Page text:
And it might make for some awesome sex.

One can only imagine. (That’ll have to do for now).

Here’s a piece by Robert Weiss about the pros and cons of virtual sex.


Can You Trust Email Body Language?

December 2, 2011

Steve Tobak wrote an article in CBSNews.com called, How to Read Virtual Body Language in Email.

Steve makes some interesting observations. But, like so many attempts at teaching us “how to read” body language, Steve makes several assumptions that miss the highly contextual, and highly tenuous nature of interpreting emotion via email.

In fact, email is often used by people as a way to avoid emotion or intimacy. It’s an example of asynchronous communication: an email message could take an arbitrary amount of time to compose, and it could be sent at an arbitrary time after writing it. Thus, email is not a reliable medium for reading one’s emotions. It’s hard to lie with your body. It’s much easier to lie with a virtual body. With email, you don’t even have a body.

Damn That Send Button

Actually, I wish I could say that I have always used email in a premeditative, calculated way. I have been guilty of sending email messages in the heat of an emotional moment. A few too many of those emails have lead me to believe that the SEND button should be kept in a locked box in a governmental facility. And the box should have a big sign that says, Are You Sure?

People often make the mistake of assuming that a given communication medium provides a transparent channel for human expression. Oddly enough: email can bring out certain negative qualities in people who may not be negative in normal face-to-face encounters.

People don’t take into account the McLuhan effect, and assume the message is determined only by the communicators. Steve says this about flame mail:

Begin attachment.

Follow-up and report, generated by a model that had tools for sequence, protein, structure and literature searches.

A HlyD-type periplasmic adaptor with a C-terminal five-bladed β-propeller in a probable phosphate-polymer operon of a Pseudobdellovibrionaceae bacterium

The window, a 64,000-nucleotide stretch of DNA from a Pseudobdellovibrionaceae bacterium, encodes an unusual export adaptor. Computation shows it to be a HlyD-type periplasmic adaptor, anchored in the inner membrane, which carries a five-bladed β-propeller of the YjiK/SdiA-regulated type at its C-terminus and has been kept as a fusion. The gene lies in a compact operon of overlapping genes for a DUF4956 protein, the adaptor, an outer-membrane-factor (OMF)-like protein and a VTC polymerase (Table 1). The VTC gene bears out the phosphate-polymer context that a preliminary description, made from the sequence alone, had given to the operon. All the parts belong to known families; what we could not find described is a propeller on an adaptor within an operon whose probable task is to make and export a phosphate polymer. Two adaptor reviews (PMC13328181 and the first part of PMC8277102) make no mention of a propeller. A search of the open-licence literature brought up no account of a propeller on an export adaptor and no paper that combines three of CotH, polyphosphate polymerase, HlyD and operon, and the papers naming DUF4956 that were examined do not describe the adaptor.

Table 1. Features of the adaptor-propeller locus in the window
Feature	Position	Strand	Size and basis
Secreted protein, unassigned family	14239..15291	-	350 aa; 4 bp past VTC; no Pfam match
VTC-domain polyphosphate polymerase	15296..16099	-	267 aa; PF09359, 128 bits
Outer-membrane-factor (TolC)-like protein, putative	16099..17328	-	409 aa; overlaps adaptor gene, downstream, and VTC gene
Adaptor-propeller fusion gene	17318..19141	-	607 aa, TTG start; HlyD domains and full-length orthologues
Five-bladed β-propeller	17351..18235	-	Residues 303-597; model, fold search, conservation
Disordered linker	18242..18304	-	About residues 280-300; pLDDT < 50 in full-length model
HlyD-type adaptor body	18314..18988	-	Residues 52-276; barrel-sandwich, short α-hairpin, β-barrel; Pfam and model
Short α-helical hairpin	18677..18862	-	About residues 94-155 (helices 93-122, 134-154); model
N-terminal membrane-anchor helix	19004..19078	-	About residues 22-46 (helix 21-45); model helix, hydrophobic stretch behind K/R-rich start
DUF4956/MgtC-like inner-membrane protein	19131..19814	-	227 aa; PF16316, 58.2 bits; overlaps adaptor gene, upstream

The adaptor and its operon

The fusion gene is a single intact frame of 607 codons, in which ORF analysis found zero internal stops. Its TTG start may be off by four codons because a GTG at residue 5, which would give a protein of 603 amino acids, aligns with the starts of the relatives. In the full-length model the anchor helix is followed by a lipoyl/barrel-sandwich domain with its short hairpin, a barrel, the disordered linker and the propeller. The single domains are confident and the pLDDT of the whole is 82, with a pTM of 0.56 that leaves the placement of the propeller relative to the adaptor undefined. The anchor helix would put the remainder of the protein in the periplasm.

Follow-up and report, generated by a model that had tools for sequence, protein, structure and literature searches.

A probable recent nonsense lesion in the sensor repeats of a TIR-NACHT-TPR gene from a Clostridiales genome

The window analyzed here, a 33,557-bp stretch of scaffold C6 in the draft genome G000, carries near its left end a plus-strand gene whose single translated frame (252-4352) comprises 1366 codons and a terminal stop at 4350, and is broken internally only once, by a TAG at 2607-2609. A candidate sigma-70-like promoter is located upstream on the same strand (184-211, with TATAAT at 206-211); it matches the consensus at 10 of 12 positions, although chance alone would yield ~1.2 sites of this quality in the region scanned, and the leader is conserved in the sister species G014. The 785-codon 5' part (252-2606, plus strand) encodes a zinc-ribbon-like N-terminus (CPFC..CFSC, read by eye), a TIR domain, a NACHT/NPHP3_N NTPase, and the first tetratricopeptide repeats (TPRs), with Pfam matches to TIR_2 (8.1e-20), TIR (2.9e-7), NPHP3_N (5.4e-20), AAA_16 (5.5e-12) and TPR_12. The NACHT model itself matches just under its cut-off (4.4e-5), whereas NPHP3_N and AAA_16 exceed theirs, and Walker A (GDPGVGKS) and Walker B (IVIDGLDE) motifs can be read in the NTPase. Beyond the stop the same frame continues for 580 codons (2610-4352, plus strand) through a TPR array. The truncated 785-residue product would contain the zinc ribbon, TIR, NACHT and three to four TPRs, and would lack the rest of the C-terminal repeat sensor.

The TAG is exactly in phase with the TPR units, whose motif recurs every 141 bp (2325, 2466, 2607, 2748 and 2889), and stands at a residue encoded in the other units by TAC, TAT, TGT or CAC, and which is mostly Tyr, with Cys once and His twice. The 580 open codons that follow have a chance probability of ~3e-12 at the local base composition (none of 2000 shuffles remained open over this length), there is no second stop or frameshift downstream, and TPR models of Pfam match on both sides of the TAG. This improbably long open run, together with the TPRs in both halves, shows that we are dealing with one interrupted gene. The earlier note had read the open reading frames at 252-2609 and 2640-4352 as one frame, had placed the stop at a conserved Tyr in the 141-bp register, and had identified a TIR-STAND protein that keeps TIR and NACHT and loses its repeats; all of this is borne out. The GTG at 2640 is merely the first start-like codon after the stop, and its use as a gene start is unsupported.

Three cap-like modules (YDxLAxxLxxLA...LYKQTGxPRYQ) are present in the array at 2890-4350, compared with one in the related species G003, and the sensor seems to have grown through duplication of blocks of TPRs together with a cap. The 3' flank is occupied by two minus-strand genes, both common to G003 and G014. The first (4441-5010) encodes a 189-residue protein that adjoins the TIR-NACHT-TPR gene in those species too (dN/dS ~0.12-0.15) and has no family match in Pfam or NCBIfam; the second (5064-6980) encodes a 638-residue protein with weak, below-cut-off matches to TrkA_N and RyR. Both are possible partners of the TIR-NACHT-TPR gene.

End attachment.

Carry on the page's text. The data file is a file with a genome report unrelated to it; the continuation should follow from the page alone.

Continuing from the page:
“You probably don’t need me to tell you this, but when you receive what we affectionately call flame mail – where someone lets loose on you in a big, ugly way – that’s aggressive behavior. In other words, they’re acting out like a child throwing a temper tantrum and it’s not about you, it’s about them. I know it’s tempting to think it’s just a misunderstanding, but ask yourself, why did they assume the worst?”

But it’s not just “about them”. It’s also about the medium – an awkward, body-language-challenged medium.

Also, people can feel “safe” behind the email wall (meaning they know they won’t get punched in the face – at least not immediately).  There’s something about the medium that can cause people to flame – EVEN if they are not normally flame-throwers. Jaron Lanier in You Are Not a Gadget gives a good explanation for how and why this phenomenon occurs. Read the book, even if you don’t always take Jaron seriously. He is brave and bold, and he challenges many assumptions about internet culture.

Everyone has stories about email messages they wish they had never written, or email messages they wish they had never read.

It’s wise to understand how media mediates our interactions with each other. That is an important kind of literacy: a literacy of understanding media effects.


“Consider Including” Google Stupidity and Arrogance

November 12, 2011

A little off-topic here, but I just can’t resist taking another jab at The Google.

I am a gmail user, but more recently I have considered switching.